In Case I Forget

Jun 1, 2023


She used to ask me in her later years,

“Why do you think I’m remembering that

after all this time?”


In protest, she was, perplexed and pained.

She had no idea how “just don’t think about that

would one day become a memory stack,

a backlog, an archive of film clips

waiting to be spliced back into place.


She had no idea her memories would

plague and prod,

search for settle and sense.

How they’d resurface events stinging with once silenced feelings,

aching for resolve, begging to rest in –


neither of us knew

that’s what memories did.



Memories wield power, no doubt.

A dreaded memory can quicken an unexpected clench,

replaying a temporary death long buried,

but, like Jack’s box, with a simple turn

the scene pops out. The heart hesitates

yanked back into an unwelcome yesterday.

There are memories overstuffed with joy,

a swollen heart delivers cherished tears.

Memories caught in precious snapshots

carefully fixed on raw-edged, black pages

with golden corners.

Others complicated by pain

and shame, and regret, and loss

locked in a cabinet drawer,

along with mementos of loves fought for

and lost.

There are memories longing to be free,

aired out – flapping in the breeze.

Memories appreciated anew as life’s teachers,

forging needed perspective, acting as healers.

Confusing childhood memories, where you become Bambi.

ones where you think, “that can’t be.”

There are chuckle-producing memories,

and reminiscence still stoking the fires of intimacy.


And in time, there will be fuzzy memories, fading memories,

storylines falling away – a memory failing.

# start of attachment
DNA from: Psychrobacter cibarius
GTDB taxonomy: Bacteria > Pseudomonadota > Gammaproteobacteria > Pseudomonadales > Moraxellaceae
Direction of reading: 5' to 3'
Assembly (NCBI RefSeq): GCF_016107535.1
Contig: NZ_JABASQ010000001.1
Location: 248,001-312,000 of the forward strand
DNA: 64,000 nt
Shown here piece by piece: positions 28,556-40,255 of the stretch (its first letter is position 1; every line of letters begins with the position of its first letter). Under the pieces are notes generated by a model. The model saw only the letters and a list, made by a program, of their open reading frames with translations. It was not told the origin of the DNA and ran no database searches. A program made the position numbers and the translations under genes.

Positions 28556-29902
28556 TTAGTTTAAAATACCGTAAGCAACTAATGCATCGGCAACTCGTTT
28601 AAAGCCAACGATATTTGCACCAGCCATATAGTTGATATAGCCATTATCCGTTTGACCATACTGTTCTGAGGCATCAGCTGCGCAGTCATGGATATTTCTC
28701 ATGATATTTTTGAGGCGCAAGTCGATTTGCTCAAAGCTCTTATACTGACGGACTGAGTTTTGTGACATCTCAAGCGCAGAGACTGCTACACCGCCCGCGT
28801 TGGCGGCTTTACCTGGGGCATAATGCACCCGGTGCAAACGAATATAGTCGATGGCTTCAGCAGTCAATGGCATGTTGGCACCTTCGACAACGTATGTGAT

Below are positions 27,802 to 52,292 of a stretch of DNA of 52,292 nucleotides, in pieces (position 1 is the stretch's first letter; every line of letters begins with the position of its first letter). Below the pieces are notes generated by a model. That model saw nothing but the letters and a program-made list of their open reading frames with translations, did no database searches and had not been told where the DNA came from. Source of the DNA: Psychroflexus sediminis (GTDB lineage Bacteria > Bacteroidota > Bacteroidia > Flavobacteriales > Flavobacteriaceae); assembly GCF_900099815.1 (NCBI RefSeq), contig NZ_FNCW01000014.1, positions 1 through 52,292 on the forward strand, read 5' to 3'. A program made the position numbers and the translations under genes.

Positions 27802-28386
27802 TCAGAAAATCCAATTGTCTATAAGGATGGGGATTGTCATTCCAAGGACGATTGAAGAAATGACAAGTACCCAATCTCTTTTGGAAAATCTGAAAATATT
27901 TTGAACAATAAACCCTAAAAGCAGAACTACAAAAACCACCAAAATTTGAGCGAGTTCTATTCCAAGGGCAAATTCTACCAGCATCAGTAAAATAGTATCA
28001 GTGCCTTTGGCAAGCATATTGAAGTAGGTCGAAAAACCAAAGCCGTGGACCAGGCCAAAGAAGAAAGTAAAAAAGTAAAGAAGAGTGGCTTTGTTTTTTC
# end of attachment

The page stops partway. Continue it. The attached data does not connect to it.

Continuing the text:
There were memories

once held secure with cellophane tape

now yellowed and useless,

sloughed into a crevice,

leaving only a faint glue-shadow in its place.



When the search for missing memories consumed her waking,

when unrelated pieces of life’s disintegrating film reel

were all that was left to pick up off the floor, she found solace with

unseen visitors who arrived from the ceiling’s edge

through a veil familiar to those nearest death.

And with their appearance came borrowed memories

on fresh celluloid, allowing life’s cinema to roll again

with invented scenes, enduring dreams, imaginary actors.

Escapades she recited as her own –

recounted to her child now grown,

someone she welcomed

as a kind interested stranger.



My grandmother and two aunts died

separated from their memories.

Like Mom, their hearts’ last beats

pumped into gasping bodies with vacant eyes.


I stow the car key, with my ear buds, a pack of gum

in the same place, on the wicker mat

next to the cookie jar,

a 1940’s yellow Dutch-girl cookie jar,

the one that survived all my childhood cookie sneaking,

and remained faithful on Mom’s kitchen counter after Dad died,

the one she carefully packed to move from Detroit to Seattle,

the same Dutch-girl that holds cookies for my grandchildren.


There, next to the ear buds and the gum, I can always find the key.

A talisman act to stave off any hint that my memories

may one day dwindle and







Post Script

Memories imprint the human heart

with much needed faith that tomorrow will arrive as promised.

Braiding together you, me and our stories through time,

producing a unique documentary

commemorating purpose and personhood.


Lucky enough, it’s my turn to welcome life’s reruns,

to revisit memories nudging toward settle and sense.

I’ve always known I had her smarts –

only time will reveal if I got her brain.


For now, with the time left,

I entwine memories – however painful – with love,

like salve softening the brittle edges of aging,

a remedy relieving the lingering harshness

from a life that wasn’t always kind.


Each gentle wrap adds strength

to a perfectly knotted sapphire strand,

dangling from life’s corner,

there to grasp, to roll between my fingers,

to soothe, to

wear like a prayer


in case,

one day,

memories are no more.




Pie Crust
The Creek


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